This page aims to help you remove the Jetmedia Virus. Our removal instructions work for Chrome, Firefox and Internet Explorer, as well as every version of Windows.
If you have encountered an Adware program and it has gotten installed on your computer then your Chrome, Firefox or IE browser (or any other browser that you might be using) has likely started getting constantly flooded by a ceaseless stream of adverts such as box messages, pop-ups redirects to promoted pages, blinking promotional banners and other similar advertising contents. Naturally, no user would want this to happen to their browsers as it could be extremely frustrating and irritating. Unfortunately, there are many such applications out there capable of causing such disturbance and in the next lines we will be focusing on one such app called Jetmedia. The Jetmedia Virus is an adware program that is able to latch onto the user’s browser and generate online ads for it. If you have this software on your machine, it is likely that each time you try to open your browsing program you’d be greeted by a big number of web ads that would obstruct your regular browsing experience making it difficult to do whatever it is that you want to do on the Internet. Due to this, adware applications are generally regarded as PUPs (potentially unwanted programs). Of course, most users who have such an app on their machine normally want to get rid of it in the fastest way possible. If you, too, have recently found yourself in a similar situation, know that we might be able to help you with this intrusiveness. Just have a look at the removal guide for Jetmedia Virus posted below and use the instructions in it if you have this pesky adware on your PC and you need help removing it. There is also a suggested anti-malware tool put inside the guide for any of you who might need additional assistance with the uninstallation of the unwanted app. We also need to remind you that if you have any questions regarding Jetmedia Virus and its removal, you can always ask them in our comments section – we will be sure to address them as soon as we see them.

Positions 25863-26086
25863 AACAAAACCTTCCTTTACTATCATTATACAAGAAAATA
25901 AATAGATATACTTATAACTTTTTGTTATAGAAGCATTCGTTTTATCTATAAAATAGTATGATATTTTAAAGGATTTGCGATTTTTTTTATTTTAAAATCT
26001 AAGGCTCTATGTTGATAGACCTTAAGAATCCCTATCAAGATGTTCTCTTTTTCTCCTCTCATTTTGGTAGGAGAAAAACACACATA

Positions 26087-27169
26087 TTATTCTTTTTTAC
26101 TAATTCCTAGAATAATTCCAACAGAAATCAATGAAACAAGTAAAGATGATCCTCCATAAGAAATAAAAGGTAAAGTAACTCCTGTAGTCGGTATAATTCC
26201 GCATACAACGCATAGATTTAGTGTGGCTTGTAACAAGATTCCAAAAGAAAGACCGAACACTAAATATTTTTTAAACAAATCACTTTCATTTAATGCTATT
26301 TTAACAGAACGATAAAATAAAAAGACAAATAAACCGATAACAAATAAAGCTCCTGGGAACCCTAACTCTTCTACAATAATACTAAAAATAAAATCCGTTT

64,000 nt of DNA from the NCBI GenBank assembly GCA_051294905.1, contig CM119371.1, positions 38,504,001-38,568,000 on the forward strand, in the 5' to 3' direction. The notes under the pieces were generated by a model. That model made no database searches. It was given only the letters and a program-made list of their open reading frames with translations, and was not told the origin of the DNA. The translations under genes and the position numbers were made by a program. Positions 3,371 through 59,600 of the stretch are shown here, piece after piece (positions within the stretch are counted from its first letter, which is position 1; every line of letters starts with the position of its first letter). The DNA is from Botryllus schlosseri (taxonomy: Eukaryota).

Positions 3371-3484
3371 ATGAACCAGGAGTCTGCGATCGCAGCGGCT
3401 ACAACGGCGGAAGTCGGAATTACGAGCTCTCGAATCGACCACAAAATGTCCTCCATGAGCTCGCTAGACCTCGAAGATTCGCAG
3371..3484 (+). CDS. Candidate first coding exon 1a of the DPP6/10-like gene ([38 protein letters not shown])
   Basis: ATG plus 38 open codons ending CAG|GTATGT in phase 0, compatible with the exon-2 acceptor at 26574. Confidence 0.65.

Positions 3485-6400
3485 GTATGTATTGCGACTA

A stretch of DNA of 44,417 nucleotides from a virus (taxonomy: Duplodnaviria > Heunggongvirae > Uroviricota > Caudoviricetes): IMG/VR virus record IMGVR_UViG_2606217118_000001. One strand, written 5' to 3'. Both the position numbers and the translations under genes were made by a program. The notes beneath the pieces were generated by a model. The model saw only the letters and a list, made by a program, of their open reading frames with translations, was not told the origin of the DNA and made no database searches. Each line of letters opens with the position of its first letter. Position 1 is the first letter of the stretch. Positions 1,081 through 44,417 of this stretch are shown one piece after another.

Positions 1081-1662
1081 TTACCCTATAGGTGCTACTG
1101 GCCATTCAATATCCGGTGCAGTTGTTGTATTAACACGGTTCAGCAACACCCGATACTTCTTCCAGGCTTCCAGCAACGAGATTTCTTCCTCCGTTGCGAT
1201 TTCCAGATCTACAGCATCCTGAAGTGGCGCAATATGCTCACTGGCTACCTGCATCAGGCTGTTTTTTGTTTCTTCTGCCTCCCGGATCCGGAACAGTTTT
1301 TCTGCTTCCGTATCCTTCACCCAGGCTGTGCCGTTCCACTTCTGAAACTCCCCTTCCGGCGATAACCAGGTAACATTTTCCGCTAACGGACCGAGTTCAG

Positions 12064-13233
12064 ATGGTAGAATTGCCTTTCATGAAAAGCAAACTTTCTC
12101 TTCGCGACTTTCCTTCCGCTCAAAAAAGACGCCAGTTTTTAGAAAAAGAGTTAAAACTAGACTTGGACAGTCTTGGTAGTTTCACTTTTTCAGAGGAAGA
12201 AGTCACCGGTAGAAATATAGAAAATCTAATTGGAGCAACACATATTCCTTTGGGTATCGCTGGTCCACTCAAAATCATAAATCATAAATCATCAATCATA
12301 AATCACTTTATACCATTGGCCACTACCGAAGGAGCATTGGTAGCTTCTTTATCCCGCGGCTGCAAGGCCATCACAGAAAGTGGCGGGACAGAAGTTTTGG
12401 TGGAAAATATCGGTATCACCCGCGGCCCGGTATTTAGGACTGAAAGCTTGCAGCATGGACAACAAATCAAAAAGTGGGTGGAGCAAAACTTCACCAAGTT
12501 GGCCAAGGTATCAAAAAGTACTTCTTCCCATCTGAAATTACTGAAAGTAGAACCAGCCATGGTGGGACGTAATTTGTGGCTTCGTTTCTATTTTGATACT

More about Adware programs
Many users believe that apps like Jetmedia Virus are some sort of nasty and harmful viruses similar to Ransomware, Spyware, Trojans and other threats of that rank. However, this is actually a common misconception – adware programs aren’t actually all that dangerous or problematic. Of course, no one can deny that they could be extremely irritating to have on your PC but in terms of potential for harm, they are actually relatively safe. Most adware apps contain no malicious code and their purpose typically has nothing to do with causing any harm to your system, data or to your virtual privacy. All in all, a typical adware application is nothing more than a tool for aggressive advertising that its creators use to accumulate revenue via methods like Pay-Per-View and Pay-Per-Click. However, there are still some possible hazards that need to be factored in when talking about adware. The most notable of them is the ads themselves. Normally, an adware ad shouldn’t be something dangerous or harmful. However, since adware advertisers oftentimes stream ads from many different advertising networks, it is still possible that some of the ads might actually be coming from sketchy, unreliable and even unsafe sources. This means that if you happen to interact with the wrong advert, your machine might get exposed to certain security risks and might get more susceptible to hacker attacks. Therefore, if you don’t want to risk landing some nasty Trojan or Ransomware virus, we advise you to avoid clicking on any Jetmedia Virus-generated adverts.
Jetmedia Virus Removal
If you have a Windows virus, continue with the guide below.
If you have a Mac virus, please use our How to remove Ads on Mac guide.
If you have an Android virus, please use our Android Malware Removal guide.
If you have an iPhone virus, please use our iPhone Virus Removal guide
Some of the steps will likely require you to exit the page. Bookmark it for later reference.
Reboot in Safe Mode (use this guide if you don’t know how to do it).
WARNING! READ CAREFULLY BEFORE PROCEEDING!
Press CTRL + SHIFT + ESC at the same time and go to the Processes Tab (the “Details” Tab on Win 8 and 10). Try to determine which processes are dangerous.
Right click on each of them and select Open File Location. Then scan the files with our free online virus scanner:
This scanner is free and will always remain free for our website's users. You can find its full-page version at: https://howtoremove.guide/online-virus-scanner/
After you open their folder, end the processes that are infected, then delete their folders.